It is often said that the 2020 lockdowns offered us a rare chance to press the pause button on our busy lives and take the time to relax and reflect on the immediate world around us.
That was certainly true for writer and poet Paul Quayle, who is to release his latest collection of haiku poetry, at Quayles Hall, in Ramsey, this weekend.
‘2020 Haiku’ is a small but lovingly-crafted collection of Paul’s latest haiku poems.
Traditionally featuring only three lines containing 13 syllables, haiku poetry is a description of a momentary snapshot of time or a sense of the emotion offered by a glimpse and, although outwardly short and fleeting, can convey much deeper levels of meaning.
Paul wrote his latest collection during the lockdown periods and in the immediate aftermath, and said that he noticed that the work he produced differed from his previous work.
‘When I was looking back over my poems that I wrote over the 2020 lockdown, I realised that there were quite a few things that were different, and that I’d written some quite interesting stuff that was not like the other things I’d come up with before,’ said Paul.
‘I guess it was all down to the fact that we had all this time on our hands, and I spent a long time at home, and not going anywhere.
‘It gave me that bit of time out that allowed me to write my poetry in a much quieter way, I guess.
Paul’s last book was entitled ‘Rocky Road to the Deep South’, and featured poems inspired by places and sensations when walking from his home in Sulby to the south, along the middle of the island.
‘My last book was a more focused book with a definite idea behind it,’ he said.
‘I did a lot of walking and went on site visits, and I knew where I was going with it.
‘This new book is largely made from random thoughts and observations, all written from around where I live. Some were written during the actual lockdown time and some came from later in the year, when things started to open up and we were able to move about a bit.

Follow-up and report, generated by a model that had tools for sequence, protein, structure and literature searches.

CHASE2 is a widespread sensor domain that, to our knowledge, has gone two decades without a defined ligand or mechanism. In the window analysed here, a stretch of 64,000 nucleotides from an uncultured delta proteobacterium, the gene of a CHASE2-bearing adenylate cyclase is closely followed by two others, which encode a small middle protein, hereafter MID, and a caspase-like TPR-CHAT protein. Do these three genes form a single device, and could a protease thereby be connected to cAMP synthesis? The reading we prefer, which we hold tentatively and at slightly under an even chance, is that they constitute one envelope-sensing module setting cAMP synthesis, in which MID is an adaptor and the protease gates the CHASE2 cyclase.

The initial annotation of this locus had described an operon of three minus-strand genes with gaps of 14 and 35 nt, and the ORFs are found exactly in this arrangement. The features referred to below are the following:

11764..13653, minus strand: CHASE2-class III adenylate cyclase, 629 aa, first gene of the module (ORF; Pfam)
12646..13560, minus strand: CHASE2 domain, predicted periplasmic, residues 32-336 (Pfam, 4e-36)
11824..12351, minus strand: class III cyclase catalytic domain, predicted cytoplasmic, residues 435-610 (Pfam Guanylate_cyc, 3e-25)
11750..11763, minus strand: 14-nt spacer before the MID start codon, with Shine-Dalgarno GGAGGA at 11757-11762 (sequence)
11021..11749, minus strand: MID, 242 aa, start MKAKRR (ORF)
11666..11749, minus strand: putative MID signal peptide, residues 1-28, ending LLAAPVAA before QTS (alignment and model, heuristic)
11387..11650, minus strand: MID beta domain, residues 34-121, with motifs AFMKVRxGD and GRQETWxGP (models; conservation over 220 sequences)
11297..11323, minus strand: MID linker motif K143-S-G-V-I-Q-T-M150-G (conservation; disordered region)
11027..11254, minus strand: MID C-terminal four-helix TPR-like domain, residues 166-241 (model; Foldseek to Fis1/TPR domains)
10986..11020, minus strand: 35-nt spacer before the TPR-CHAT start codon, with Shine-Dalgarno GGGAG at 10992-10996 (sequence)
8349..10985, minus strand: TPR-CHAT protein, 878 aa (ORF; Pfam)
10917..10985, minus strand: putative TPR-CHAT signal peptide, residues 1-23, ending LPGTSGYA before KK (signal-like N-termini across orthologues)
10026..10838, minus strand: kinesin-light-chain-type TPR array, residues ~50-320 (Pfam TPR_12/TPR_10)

‘The difference from one being a journey and one being very much not a journey. Just being in the one place and living a very quieter life gave writing these poems a very different experience.
‘Many people observed things, such as how quiet the island became, and how much more noticeable things like birdsong was.
‘The night sky was a particular inspiration.
‘The front cover of the book shows ‘noctilucent’ clouds, which can only be seen around mid-summer.
‘These are the highest clouds in the earth’s atmosphere, which at mid-summer are still being lit up by the sun in the far north. It’s like looking over the horizon, essentially.
‘Seeing them was a big highlight of the year, but there’s other nice moments about stars, planets, moths, bats and a big thunderstorm, and also what I consider to be a UFO sighting! I don’t know what else this could have been, to be honest.
‘It is amazing what you see when you stop to look and listen.’
The book launch will take place from 1pm until 4pm on Saturday, May 21, with copies available for £2.50.
Paul thanked Michael Starkey for the use of the hall.
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